Patrick Simpson, Biz/Tech Reporter
Dave Hunsburger used a ladle to pour hot soup into a bowl for a student at Humber College’s LinX Lounge soup bar, something he does hundreds of times a week.
It’s a Pay-What-You-Can service that provides an alternative to the higher priced campus cafeterias and restaurants. And with about 54 per cent of Humber students needing grants to attend school, it’s an affordable option for lunch.
The program — supported by IGNITE that has so far fed about 4,200 people since it opened in the LinX Lounge last fall — remains unclear. The Doug Ford provincial government announced last month it intends to make a number of cuts to post-secondary school funding — including the elimination of free tuition for students coming from low-income families.
And some student union fees — which help fund the soup bar — would be optional.
Ford stated in a fundraising email to party members that the government needs their help to battle radical student unions. “I think we all know what kind of crazy Marxist nonsense student unions get up to. So, we fixed that. Student union fees are now opt-in,” the email read.
The proposed cuts to student fees won’t immediately affect the running of the soup bar, it’s future isn’t clear.
Hunsburger said while he hadn’t heard of the cuts that could affect the operation of the soup bar, he said the program will continue to be in place for the rest of this year.
He said if Humber is forced to make the cut it may impact students’ lives.
“My fear would be that we can’t do this anymore and people would not be eating lunch properly and it would impact real people’s lives,” he said.
However, Hunsburger said that the program will find a way to keep the soup bar going.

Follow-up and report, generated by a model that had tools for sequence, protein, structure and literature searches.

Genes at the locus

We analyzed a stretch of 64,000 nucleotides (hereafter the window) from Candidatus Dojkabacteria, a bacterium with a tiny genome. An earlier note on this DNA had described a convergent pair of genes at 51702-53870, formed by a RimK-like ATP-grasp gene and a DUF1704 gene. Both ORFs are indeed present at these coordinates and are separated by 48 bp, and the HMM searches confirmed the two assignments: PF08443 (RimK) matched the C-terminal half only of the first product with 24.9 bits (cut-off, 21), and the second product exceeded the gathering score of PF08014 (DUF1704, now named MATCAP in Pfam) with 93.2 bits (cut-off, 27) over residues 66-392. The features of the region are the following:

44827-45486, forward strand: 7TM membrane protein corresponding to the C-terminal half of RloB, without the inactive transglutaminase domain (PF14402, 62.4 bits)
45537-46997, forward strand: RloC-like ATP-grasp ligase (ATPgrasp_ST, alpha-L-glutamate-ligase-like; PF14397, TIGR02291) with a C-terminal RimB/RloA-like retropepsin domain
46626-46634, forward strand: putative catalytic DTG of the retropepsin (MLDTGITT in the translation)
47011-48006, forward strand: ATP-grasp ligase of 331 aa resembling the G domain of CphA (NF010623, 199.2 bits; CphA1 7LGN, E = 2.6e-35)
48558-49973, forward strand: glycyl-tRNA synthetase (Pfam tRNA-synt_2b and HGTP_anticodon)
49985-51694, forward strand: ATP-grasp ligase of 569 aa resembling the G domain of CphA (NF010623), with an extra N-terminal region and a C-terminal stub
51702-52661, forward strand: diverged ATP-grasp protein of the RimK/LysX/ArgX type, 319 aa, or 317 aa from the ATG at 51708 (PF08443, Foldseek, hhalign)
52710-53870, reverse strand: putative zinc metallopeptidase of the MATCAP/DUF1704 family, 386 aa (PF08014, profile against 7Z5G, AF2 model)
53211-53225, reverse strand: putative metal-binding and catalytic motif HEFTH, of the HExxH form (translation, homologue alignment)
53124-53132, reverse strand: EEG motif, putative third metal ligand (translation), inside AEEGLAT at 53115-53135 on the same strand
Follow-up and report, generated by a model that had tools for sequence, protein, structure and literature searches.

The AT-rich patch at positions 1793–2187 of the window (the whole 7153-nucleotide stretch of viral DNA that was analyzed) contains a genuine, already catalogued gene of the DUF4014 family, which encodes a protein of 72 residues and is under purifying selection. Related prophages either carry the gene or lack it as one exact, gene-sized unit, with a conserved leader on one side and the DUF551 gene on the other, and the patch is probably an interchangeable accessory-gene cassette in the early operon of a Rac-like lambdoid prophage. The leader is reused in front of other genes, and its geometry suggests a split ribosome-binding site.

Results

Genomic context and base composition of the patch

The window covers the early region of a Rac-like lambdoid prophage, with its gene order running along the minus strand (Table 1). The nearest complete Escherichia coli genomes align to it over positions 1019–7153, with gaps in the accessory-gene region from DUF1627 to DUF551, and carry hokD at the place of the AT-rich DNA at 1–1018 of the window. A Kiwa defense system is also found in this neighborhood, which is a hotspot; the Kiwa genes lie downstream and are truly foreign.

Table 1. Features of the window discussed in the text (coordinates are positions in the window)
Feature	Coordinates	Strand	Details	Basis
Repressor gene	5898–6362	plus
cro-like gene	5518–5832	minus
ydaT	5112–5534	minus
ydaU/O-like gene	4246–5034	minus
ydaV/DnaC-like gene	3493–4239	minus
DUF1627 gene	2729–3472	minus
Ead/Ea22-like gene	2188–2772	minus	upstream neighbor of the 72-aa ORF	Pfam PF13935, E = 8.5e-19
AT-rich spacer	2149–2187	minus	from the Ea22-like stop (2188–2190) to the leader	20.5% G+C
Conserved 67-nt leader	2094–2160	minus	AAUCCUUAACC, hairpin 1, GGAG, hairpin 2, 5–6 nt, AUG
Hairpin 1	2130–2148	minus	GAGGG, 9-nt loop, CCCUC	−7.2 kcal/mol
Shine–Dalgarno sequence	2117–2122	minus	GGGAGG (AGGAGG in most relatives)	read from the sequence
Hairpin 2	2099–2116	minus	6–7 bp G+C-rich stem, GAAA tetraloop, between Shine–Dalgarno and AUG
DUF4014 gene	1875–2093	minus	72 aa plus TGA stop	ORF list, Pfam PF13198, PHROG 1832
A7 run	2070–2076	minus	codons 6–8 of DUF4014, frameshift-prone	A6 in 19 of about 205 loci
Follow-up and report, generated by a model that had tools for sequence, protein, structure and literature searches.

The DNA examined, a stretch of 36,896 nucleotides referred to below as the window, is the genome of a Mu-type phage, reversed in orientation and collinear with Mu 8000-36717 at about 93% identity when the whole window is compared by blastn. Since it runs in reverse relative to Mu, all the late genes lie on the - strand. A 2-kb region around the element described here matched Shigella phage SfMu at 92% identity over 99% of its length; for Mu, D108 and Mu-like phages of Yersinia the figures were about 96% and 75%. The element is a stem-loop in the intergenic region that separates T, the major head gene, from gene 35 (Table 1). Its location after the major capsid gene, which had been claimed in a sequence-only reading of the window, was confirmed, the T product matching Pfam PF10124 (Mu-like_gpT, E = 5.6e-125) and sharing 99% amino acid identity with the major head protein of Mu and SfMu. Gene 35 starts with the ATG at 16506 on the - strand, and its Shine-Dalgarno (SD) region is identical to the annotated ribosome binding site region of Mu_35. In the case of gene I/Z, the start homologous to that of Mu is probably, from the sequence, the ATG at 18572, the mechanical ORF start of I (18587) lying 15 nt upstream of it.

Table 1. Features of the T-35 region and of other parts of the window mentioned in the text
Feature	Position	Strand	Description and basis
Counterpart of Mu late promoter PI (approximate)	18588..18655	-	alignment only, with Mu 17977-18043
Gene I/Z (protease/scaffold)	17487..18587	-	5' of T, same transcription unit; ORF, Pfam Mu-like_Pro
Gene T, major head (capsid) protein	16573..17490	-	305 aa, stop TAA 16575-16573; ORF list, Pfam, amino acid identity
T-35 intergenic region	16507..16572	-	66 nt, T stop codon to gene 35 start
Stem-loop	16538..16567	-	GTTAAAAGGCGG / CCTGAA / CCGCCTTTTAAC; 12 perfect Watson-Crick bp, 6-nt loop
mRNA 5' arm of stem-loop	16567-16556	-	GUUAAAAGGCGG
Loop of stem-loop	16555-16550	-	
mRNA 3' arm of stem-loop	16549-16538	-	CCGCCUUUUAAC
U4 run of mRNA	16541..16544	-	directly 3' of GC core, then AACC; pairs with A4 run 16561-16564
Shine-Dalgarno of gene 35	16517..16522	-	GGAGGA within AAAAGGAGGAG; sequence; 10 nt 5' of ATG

The option of having a cheaper alternative at lunch benefits many students, said Hunsburger, one of the managers of the bar. He said the goal of the soup bar is to feed as many people as possible.
He’s been volunteering at the soup bar since it opened and has been a volunteer at the bar’s founding company, Feed it Forward, for about two years.
While the soup bar services about 200 people during the two days a week they’re open, Hunsburger said they’ve had some trouble creating enough awareness among the larger part of Humber’s North campus.
“We’re in a lovely area, the LinX Lounge, but it is out of the way,” he said.
“So I think they’re [IGNITE] trying to improve the signage and I think a couple weeks ago they gave away soup over by the IGNITE office to try and publicize the fact that we exist,” Hunsburger said.
He said in the future they’re thinking of expanding the nonprofit business and possibly start servicing up soup lunches more than two days a week.
Evan Lam, a first-year Recreation and Leisure Services student, said the proposed provincial cuts would affect him because the soup bar is a cheap alternative to the more expensive food on campus.
“I think it would affect me because sometimes I personally don’t like eating on campus because the food is really expensive,” Lam said.
Regina Alcantara, a second-year Behavioral Science student, goes to the soup bar twice a month and said the bar helps out people who are in need.
“Some people they can’t afford lunch and it just helps them get some nutrition,” she said.
Valentina Palacio, a second-year General Arts and Science student, said while she doesn’t use it much anymore, she counted on the service on it as a free lunch last semester.
“I don’t use it as much anymore but last semester it would have affected me because I counted on having a free lunch or a $2 lunch,” Palacio said.
Hunsburger said the program would remain. Somehow.
“If push came to shove we want this to continue,” he said. “We would somehow do what needs to be done to make sure that we don’t go away because of some silly cuts.
“I would give assurance to the people that rely on us for lunch, we’re going to be there,” he said.